With Zhang’s case returning to public eyes with a different direction during the Two Sessions, Wei’s proposal to “include serious cyberbullying into criminal charges” gained wide support from Chinese netizens, urging for stiffer regulations and heavier punishments for cyberbullying to be introduced. 


Moreover, in recent years, as metaverse became a buzzword in the tech world, Chinese tech titans such as Tencent, ByteDance, and Baidu have already applied for patents related to the metaverse technology developments, bringing issues related to data security, information protection, and speculation to the fore. 


Unsurprisingly, these issues were featured at the Two Sessions. Zhang Ying, a member of the CPPCC said that China’s metaverse focused too much on entertainment experience upgrades and lagged behind in key technology developments.5 There is a desperate need for regulation, Zhang emphasized. 


Kong Falong, a deputy to the NPC and Party Secretary of a rural credit cooperative in the southeastern Jiangxi province, shared a similar view. Kong held that by pouring more investment to nurture talent and support metaverse technology developments, the country could take a leading position in the new race. Yet, the sector should be regulated appropriately so that personal information is secured and individuals can navigate the web safely.6


It is suggested that the Chinese government is trying to pass a law that functions similarly to the General Data Protection Regulation (GDPR), a regulation in EU law on data protection and privacy in the EU and the European Economic Area. Abuse of personal data by third parties has become an important area of debate in the West, with many countries following strict GDPR guidelines to help stem the growing number of identity theft cases and information leaks. To stay attractive to the West after COVID-19 and the precarious situation with Russia, China may be aiming to take more steps not to decouple, but to legally align itself more to existing international rules and regulations.7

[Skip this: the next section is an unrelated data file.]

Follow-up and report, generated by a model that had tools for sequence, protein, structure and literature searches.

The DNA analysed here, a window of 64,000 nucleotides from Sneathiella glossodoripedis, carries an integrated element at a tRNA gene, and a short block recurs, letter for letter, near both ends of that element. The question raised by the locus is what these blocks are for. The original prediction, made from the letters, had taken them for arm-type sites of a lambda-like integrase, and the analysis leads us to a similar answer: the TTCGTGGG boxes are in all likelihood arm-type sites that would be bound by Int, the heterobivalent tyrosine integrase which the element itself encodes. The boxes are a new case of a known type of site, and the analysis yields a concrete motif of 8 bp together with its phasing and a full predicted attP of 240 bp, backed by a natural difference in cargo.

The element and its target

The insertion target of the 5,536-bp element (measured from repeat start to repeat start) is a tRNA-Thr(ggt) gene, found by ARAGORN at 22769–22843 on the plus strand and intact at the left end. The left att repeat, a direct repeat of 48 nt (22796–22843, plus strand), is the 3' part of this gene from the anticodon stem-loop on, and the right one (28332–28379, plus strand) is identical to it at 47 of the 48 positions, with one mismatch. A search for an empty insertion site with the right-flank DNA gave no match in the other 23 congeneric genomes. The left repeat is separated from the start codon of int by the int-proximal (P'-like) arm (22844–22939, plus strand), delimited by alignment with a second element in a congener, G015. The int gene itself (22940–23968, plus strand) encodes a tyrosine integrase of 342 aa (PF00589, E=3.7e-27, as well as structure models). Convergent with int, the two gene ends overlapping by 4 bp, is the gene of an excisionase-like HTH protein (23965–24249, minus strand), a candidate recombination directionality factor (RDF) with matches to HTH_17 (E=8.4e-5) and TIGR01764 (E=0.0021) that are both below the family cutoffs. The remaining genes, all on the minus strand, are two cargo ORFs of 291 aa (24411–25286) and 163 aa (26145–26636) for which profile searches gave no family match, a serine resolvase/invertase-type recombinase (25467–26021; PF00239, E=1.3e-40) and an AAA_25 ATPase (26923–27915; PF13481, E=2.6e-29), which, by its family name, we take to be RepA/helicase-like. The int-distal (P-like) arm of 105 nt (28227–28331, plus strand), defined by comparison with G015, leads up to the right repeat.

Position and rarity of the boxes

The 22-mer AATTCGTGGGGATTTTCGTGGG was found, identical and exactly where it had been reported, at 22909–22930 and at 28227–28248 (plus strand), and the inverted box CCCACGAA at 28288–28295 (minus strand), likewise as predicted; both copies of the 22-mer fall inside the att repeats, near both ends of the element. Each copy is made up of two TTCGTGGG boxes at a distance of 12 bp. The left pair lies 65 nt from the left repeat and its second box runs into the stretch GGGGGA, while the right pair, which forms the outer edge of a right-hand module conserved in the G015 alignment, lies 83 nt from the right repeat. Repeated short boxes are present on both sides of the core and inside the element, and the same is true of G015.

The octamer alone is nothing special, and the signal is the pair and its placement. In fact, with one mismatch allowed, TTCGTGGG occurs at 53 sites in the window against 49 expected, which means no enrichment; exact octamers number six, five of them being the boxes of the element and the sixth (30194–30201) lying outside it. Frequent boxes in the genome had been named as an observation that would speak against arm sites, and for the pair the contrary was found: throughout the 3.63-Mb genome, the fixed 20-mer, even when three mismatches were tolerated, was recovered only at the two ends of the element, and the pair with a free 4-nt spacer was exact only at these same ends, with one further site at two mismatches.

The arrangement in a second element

Ultimately, the future is filled with uncertainties. However, the Two Sessions can lead analysts to a far better understanding of how the Chinese government develops policy and legislation and how laws are implemented. For the West, the internal workings of the Chinese government can be quite opaque, and the meetings can seem dense and challenging. But as mentioned before, the Two Sessions can be seen as a litmus test of what issues are concerning the people and the ruling party. It is a major event that shows how China’s governing methodology has developed over the years. In other words, to find a place for future cooperation with China to take place, the world should look to the Two Sessions to find inspiration. 



1. Bingqing Yang, “China’s Nationalist Cancel Culture.” The Diplomat. Sep. 05, 2021, last accessed Mar. 14, 2022.

2. Liang Si, “Ask Two Sessions: How do we build ‘digital trust’?” CGTN. Mar. 9, 2022, last accessed Mar. 15, 2022.

3. “Cyberbullying under spotlight as delegates arrive for China’s ‘two sessions’.” Daoinsights. Mar.7, 2022, last accessed Mar. 16, 2022.

4. Ibid.

5. Timmy Shen and Ningwei Qin, “‘Metaverse’ enters government radar at China’s Two Sessions.” Forkast. Mar. 7, 2022, last accessed Mar. 17, 2022.

6. Ibid.

7. Eddy Bekkers and Sofia Schroeter. An Economic Analysis of the US-China Trade Conflict. World Trade Organization, Feb. 26, 2020.



This article is from the March issue of TI Observer (TIO), which is a monthly publication devoted to bringing China and the rest of the world closer together by facilitating mutual understanding and promoting exchanges of views. If you are interested in knowing more about the March issue, please click here: